Education

President Trump's full budget proposal for fiscal year 2018, to be released Tuesday, calls for a $9.2 billion, or 13.5 percent, spending cut to education. The cuts would be spread across K-12 and aid to higher education, according to documents released by the White House.

None of this can be finalized without Congress. And the political track record for Presidents who want to reduce education funding is not promising, even in a far less poisoned atmosphere than the one that hovers over Washington right now.

Student loans

Karen Kasler

There’s a bill in the state Legislature that’s meant to give local school districts more control over curriculum.

Debbie Holmes

Paying bills. Making friends. Finding a job, housing, or even just food. Aging out of foster care brings a range of challenges for young adults thrust into a new world.

A new program at Capital University is trying to help.

Flickr

New research shows that black girls are punished at a greater disparity than black boys - and that holds true in Central Ohio.

Wright State programs could be cut, and more than 100 employees could be let go under the university's upcoming Fiscal Year 2018 budget proposal. School officials are expected to release details of the plan at a finance committee meeting May 19.

As many as 120 employees could be let go, Wright State officials say.

Jinx/Flickr

The Ohio Supreme Court has unanimously ruled that a student’s constitutional rights weren’t violated by a search of an unattended book bag that led to the discovery of a gun.

Debbie Holmes

After opening in 2013 with the idea of pairing low-income students with local businesses, Cristo Rey Columbus High School in downtown Columbus will graduate its first class of students. And, as the 47 seniors commemorate their four years at Cristo Rey, all of them will celebrate being accepted into college.

Axelle B / Public Domain Pictures

A state hearing officer has ruled against Ohio's largest online charter school in its appeal of the state education department's determination that the school owes $60 million for enrollment that can't be justified.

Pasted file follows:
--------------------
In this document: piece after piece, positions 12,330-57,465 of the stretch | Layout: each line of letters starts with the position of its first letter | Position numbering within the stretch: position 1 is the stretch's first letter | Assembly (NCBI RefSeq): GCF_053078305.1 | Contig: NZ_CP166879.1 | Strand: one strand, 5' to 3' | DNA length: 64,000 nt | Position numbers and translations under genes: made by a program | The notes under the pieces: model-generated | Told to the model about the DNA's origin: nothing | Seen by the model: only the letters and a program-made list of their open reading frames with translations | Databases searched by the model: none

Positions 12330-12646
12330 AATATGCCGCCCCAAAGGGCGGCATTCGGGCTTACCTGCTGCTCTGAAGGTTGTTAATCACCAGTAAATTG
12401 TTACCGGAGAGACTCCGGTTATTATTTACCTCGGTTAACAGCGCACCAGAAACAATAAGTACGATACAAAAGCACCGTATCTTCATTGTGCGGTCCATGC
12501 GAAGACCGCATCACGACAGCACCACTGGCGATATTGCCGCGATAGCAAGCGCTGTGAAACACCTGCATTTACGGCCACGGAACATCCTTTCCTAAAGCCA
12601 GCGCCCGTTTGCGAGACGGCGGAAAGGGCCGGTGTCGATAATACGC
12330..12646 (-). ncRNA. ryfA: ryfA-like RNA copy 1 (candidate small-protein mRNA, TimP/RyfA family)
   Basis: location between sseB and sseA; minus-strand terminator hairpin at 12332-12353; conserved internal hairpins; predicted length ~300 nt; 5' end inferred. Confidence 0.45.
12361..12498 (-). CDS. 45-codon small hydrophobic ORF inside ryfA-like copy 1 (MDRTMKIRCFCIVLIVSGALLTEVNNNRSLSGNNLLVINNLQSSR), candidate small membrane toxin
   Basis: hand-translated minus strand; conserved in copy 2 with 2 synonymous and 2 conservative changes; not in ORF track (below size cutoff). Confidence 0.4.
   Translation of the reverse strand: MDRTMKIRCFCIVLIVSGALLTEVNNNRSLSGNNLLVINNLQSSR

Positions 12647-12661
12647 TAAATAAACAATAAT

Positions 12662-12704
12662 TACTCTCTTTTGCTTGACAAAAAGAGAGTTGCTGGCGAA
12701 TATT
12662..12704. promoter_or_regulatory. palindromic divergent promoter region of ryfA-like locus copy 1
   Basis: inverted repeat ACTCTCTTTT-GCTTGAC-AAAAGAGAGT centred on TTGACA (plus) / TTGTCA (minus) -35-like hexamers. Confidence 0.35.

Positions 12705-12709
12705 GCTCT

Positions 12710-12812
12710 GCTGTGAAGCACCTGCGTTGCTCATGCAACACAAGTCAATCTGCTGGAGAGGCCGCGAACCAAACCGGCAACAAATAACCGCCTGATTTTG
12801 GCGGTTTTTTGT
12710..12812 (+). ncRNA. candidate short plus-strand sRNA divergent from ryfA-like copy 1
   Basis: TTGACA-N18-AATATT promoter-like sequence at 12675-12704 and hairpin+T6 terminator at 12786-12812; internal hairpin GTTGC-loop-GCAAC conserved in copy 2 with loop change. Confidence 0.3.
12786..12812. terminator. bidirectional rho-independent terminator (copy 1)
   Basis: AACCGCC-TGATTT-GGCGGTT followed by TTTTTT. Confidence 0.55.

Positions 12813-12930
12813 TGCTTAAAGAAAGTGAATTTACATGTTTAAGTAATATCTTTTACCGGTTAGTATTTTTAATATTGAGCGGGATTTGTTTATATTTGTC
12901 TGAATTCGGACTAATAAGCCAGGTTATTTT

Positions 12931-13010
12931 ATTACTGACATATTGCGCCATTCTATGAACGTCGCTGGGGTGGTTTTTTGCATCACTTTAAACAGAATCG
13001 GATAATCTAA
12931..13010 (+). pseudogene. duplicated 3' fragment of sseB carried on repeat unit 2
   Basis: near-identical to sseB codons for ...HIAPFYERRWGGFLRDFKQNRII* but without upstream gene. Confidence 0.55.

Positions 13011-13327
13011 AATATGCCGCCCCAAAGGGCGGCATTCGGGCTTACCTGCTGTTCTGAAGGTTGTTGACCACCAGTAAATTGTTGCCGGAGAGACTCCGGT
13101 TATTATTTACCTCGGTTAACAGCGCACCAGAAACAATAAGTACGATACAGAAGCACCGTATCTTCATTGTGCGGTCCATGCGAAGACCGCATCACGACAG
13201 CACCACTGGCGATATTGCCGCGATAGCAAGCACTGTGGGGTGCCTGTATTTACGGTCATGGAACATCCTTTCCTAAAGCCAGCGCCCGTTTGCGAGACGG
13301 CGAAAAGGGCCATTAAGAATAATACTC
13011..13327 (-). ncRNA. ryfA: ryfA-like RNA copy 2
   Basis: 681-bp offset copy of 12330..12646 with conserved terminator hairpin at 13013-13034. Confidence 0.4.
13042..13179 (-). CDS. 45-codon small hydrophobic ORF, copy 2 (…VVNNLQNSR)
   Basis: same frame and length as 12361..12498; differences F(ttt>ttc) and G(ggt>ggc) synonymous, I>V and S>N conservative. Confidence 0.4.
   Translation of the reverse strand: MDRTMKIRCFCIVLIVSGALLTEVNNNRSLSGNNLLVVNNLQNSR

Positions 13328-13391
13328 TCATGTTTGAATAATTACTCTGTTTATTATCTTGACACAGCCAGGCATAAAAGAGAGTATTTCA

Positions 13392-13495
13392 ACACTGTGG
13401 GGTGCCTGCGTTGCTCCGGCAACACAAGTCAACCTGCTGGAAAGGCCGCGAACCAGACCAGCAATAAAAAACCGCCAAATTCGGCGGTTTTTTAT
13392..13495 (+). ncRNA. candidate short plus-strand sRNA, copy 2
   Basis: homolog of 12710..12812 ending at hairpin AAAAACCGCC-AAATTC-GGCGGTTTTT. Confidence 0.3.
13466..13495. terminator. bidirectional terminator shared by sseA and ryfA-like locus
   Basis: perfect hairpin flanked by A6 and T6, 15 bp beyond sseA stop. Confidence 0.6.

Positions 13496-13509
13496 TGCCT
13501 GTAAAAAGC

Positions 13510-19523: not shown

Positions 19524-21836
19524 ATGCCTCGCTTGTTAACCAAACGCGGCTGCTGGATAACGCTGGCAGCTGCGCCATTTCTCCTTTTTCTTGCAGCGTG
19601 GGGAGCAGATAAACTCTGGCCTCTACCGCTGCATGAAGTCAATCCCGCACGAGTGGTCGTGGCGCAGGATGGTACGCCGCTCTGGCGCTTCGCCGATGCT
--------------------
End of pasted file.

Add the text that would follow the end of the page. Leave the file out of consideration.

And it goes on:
Read this article if you're having a rough day. This is a rare story about positive social change.

ECOT founder Bill Lager speaks to the crowd of students, parents and teachers.
Karen Kasler / Ohio Public Radio

The battle between the state and its largest online charter school brought supporters of the Electronic Classroom of Tomorrow, or ECOT, to the Statehouse on Tuesday to show support for the school locked in a fight with the state over tens of millions of dollars.

Weekly Reporter Roundtable

May 8, 2017
Ohio Statehouse in Columbus
Alexander Smith / Wikimedia Commons

Ohio Attorney General Mike DeWine rejected a draft summary creating a bipartisan panel in charge of drawing state congressional district lines. Nationally, House Republicans have passed Trump's new proposed health-care bill, which moves on to the Senate. If approved by the Senate, Ohio schools could loses millions in Medicaid funding dedicated to special education services. 

Today we discuss the new health-care bill, the shutdown of re-drawing congressional districts and the latest in state and national news with a panel of reporters. 

Sam Hendren

Peter Louis is the son of Haitian immigrants, who grew up in a single-parent home in Brooklyn, New York. By the time he got to college, he knew he could help people by pursuing a career in medicine.

School bus
Flickr / Creative Commons

An annual study co-authored by Johns Hopkins University says the U.S. high school graduation rate is at an all-time high: 83.2 percent. But the report released Wednesday finds that Ohio’s graduation rate has stalled.

Jo Ingles

More than one thousand students, parents, and leaders from private schools rallied at the Statehouse to thank lawmakers for money in the budget that helps low-income families pay for tuition.

Everest College

More than 5,000 Ohio residents who attended a string of failed for-profit colleges are now eligible for student loan forgiveness.